Polycystic Ovary Syndrome
(PCOS; Stein Leventhal Syndrome; Polyfollicular Ovarian Appearance; Hyperandrogenic Anovulation; Polycystic Ovarian Disease; PCO; PCOD)
by Cynthia M. Johnson, MA
Polycystic ovary syndrome (PCOS) is a hormone problem in women. With PCOS, the ovaries make follicles but they don’t mature and release an egg each month. The follicles can turn into fluid-filled sacs called cysts.
The cause is not known. Insulin resistance seems to play a role. It creates high levels of insulin. This causes the ovaries to make too much of a male hormone called androgen. This can result in male features. It can stop ovulation from happening. It can lead to large ovaries with many cysts.
Some women may not have symptoms. If you do, they may be:
The doctor will ask about your symptoms and health history. A physical exam will be done.
You may have:
The goal of treatment is to target insulin resistance. The treatment you have depends on whether you want to become pregnant. You may need:
PCOS can't be prevented.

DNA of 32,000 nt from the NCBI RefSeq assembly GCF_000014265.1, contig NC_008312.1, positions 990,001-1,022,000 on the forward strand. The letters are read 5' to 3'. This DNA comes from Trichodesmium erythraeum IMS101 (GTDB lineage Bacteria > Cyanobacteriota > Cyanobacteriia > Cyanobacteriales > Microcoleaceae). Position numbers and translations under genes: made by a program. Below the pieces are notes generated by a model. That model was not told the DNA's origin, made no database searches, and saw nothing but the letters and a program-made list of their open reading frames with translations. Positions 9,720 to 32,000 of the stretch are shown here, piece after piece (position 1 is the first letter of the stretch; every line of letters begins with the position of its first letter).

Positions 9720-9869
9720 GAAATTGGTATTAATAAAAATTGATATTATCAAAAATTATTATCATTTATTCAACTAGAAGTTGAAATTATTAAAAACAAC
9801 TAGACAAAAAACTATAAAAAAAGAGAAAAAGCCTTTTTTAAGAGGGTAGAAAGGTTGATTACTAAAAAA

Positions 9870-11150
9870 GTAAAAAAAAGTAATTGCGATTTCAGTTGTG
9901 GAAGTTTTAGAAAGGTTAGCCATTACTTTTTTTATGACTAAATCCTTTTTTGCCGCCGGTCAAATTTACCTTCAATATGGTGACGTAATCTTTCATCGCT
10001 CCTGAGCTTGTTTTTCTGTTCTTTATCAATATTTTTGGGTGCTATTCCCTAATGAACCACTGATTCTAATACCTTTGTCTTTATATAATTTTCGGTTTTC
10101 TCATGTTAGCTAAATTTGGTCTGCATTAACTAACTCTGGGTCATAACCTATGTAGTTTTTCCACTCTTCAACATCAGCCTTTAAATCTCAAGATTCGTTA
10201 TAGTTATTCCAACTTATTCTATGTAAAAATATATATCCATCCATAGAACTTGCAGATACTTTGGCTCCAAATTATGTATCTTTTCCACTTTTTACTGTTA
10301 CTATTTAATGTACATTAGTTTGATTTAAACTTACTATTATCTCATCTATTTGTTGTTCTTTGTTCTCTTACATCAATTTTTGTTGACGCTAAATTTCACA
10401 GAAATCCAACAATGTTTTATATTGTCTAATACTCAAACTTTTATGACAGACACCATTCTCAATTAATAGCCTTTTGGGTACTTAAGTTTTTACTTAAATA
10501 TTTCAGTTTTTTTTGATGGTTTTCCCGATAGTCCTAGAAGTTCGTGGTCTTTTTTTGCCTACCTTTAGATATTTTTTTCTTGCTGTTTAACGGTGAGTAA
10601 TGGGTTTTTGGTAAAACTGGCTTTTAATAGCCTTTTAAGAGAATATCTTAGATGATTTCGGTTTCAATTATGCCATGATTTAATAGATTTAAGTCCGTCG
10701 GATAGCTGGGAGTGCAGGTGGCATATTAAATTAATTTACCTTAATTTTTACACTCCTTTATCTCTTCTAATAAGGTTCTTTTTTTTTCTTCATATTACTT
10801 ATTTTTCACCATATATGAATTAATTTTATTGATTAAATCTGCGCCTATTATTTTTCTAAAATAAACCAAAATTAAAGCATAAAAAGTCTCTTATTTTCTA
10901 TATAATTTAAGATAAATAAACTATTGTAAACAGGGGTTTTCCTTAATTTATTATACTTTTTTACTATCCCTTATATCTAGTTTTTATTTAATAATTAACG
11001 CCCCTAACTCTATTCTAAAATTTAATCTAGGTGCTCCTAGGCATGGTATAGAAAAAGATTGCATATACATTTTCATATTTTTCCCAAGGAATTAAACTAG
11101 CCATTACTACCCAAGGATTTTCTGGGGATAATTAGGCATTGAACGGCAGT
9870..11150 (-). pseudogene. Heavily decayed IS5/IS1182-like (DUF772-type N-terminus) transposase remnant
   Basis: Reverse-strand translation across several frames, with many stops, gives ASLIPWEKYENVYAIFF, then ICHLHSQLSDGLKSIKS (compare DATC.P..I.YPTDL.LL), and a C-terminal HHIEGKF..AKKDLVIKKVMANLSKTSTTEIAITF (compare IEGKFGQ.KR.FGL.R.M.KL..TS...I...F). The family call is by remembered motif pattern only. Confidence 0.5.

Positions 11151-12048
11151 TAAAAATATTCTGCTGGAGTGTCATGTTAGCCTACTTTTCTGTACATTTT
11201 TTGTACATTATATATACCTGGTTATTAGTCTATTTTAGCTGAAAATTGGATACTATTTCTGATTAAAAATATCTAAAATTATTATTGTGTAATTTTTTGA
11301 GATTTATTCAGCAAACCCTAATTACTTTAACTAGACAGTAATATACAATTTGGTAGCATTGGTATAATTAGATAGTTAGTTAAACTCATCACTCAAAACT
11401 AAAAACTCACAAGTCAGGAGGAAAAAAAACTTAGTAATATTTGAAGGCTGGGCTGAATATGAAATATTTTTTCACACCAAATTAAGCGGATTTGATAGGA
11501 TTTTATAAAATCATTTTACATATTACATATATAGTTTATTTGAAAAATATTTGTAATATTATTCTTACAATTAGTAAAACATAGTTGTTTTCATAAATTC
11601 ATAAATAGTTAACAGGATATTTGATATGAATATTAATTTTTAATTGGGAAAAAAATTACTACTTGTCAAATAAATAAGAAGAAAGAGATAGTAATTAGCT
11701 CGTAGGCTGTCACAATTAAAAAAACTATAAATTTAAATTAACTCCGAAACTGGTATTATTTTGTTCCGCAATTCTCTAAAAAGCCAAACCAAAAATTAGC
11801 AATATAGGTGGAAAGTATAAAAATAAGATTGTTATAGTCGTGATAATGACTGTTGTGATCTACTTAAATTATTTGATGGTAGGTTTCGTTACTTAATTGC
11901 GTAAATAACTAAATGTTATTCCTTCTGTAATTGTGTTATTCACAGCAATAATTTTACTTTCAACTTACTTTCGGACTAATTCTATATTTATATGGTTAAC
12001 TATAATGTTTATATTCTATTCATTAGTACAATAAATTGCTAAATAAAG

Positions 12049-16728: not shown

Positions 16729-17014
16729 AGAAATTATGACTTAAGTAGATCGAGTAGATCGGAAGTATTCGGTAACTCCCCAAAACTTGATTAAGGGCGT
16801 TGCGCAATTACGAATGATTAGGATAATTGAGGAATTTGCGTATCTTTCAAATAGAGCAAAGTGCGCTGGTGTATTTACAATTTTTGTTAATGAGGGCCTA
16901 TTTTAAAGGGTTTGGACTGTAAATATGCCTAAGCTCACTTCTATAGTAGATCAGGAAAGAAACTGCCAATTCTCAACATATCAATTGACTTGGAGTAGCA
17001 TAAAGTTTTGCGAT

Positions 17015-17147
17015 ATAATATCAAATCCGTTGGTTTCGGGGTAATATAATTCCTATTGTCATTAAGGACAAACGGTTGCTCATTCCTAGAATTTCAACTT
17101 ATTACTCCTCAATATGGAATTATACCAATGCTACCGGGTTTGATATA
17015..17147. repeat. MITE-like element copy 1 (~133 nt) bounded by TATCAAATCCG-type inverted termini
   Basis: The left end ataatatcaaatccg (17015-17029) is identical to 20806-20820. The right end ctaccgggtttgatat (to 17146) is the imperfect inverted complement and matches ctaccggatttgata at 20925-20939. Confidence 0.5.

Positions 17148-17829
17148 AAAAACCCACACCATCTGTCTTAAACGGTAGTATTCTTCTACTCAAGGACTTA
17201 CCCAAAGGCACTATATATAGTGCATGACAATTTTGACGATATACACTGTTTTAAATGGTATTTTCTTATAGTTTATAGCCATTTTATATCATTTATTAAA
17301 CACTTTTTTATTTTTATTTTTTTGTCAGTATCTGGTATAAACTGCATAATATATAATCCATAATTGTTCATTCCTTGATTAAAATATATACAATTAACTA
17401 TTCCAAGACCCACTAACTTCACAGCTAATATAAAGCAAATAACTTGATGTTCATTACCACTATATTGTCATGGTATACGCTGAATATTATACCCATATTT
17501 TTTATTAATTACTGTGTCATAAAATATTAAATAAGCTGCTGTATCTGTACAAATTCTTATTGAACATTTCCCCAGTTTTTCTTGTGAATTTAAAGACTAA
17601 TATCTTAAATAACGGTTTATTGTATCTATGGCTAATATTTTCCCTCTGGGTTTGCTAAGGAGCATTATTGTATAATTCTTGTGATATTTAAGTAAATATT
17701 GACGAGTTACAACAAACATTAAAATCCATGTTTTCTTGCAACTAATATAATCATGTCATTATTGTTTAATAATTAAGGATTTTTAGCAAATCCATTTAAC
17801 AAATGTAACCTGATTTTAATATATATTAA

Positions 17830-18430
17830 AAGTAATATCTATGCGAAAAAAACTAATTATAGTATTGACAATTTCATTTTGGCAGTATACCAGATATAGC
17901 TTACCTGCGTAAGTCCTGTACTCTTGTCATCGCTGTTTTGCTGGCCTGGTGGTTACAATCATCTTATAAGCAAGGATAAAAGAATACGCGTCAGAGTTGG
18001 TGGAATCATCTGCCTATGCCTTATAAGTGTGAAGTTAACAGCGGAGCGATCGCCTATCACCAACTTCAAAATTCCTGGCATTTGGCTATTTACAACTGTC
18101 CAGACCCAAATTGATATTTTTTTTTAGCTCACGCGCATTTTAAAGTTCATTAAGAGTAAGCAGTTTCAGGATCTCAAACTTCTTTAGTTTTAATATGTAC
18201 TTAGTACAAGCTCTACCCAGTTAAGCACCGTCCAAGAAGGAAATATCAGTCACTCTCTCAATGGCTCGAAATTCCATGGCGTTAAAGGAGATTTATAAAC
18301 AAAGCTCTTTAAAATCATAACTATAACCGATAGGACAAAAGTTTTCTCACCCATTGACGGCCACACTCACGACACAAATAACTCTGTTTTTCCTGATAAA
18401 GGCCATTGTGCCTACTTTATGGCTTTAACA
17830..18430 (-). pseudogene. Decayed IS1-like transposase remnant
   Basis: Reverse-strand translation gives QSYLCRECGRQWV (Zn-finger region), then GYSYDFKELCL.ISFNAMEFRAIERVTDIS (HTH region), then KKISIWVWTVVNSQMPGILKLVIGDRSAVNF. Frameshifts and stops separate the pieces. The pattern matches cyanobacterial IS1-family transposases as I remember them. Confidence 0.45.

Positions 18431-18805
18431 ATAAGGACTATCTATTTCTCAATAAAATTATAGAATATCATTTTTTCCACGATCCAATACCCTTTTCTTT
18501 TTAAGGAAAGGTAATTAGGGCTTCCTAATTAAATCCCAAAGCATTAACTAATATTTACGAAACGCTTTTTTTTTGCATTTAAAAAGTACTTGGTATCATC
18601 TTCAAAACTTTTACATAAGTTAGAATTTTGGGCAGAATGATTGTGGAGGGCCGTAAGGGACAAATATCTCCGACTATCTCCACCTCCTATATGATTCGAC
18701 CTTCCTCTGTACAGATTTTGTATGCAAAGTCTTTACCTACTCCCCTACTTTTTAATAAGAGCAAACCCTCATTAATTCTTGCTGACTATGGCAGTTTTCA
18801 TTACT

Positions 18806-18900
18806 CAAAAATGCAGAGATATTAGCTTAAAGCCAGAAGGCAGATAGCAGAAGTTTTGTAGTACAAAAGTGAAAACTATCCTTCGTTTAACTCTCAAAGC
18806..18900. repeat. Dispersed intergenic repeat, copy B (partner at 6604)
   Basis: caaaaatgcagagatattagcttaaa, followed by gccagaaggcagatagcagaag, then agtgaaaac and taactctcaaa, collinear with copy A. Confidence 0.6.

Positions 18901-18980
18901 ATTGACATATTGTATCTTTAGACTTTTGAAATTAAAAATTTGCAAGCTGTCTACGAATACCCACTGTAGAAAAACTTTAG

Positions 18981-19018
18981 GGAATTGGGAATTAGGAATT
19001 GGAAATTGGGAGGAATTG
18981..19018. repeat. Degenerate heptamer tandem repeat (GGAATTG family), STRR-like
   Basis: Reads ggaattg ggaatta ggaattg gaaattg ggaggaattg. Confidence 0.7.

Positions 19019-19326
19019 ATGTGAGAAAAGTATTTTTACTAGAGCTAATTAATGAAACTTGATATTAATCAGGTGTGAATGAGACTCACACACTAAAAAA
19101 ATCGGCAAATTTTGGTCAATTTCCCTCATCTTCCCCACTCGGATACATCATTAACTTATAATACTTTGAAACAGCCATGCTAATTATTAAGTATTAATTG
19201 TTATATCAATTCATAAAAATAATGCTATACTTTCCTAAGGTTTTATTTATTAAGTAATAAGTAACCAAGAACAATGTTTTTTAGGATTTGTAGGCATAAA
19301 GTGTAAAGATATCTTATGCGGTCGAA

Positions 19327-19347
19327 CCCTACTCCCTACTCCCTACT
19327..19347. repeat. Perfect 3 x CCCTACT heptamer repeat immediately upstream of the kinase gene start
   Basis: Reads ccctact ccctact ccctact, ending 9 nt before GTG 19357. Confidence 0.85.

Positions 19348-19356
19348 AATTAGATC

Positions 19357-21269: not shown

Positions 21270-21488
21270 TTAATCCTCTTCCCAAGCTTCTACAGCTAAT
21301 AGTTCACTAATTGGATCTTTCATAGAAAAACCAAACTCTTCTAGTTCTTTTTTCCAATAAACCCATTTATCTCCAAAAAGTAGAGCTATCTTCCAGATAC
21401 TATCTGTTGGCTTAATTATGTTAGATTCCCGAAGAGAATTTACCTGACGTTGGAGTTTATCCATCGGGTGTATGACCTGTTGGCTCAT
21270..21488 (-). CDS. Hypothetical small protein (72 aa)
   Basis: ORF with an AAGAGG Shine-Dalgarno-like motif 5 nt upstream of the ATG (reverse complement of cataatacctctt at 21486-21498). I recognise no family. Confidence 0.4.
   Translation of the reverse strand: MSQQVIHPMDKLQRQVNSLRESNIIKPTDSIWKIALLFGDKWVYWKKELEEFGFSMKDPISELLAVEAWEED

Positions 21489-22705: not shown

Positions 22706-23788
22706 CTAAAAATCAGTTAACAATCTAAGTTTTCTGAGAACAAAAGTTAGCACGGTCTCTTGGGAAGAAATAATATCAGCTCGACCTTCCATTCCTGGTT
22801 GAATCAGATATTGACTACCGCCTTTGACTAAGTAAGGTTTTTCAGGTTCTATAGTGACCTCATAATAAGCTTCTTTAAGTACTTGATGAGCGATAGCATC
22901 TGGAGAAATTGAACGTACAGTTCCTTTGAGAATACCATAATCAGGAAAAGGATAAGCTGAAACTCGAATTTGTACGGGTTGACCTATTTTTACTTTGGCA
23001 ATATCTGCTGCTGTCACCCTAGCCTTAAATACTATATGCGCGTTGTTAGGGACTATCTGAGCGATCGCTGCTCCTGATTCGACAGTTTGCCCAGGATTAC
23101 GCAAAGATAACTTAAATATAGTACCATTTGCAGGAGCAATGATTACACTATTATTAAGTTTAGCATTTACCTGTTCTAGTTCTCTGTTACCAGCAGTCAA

The American Congress of Obstetricians and Gynecologists
Polycystic Ovarian Syndrome Association
The Society of Obstetricians and Gynaecologists of Canada (SOGC)
Women's Health Matters
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Li XJ, Yu YX, Liu CQ, et al. Metformin vs thiazolidinediones for treatment of clinical, hormonal and metabolic characteristics of polycystic ovary syndrome: A meta-analysis. Clin Endocrinol (Oxf). 2011;74(3):332-339.
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Updated April 1, 2015. Accessed July 25, 2018.
Polycystic ovary syndrome. EBSCO DynaMed Plus website. Available at: http://www.dynamed... . Updated June 18, 2018. Accessed July 25, 2018.
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Accessed July 25, 2018.
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Last reviewed May 2018 by EBSCO Medical Review Board Kathleen A. Barry, MD
Last Updated: 7/25/2018
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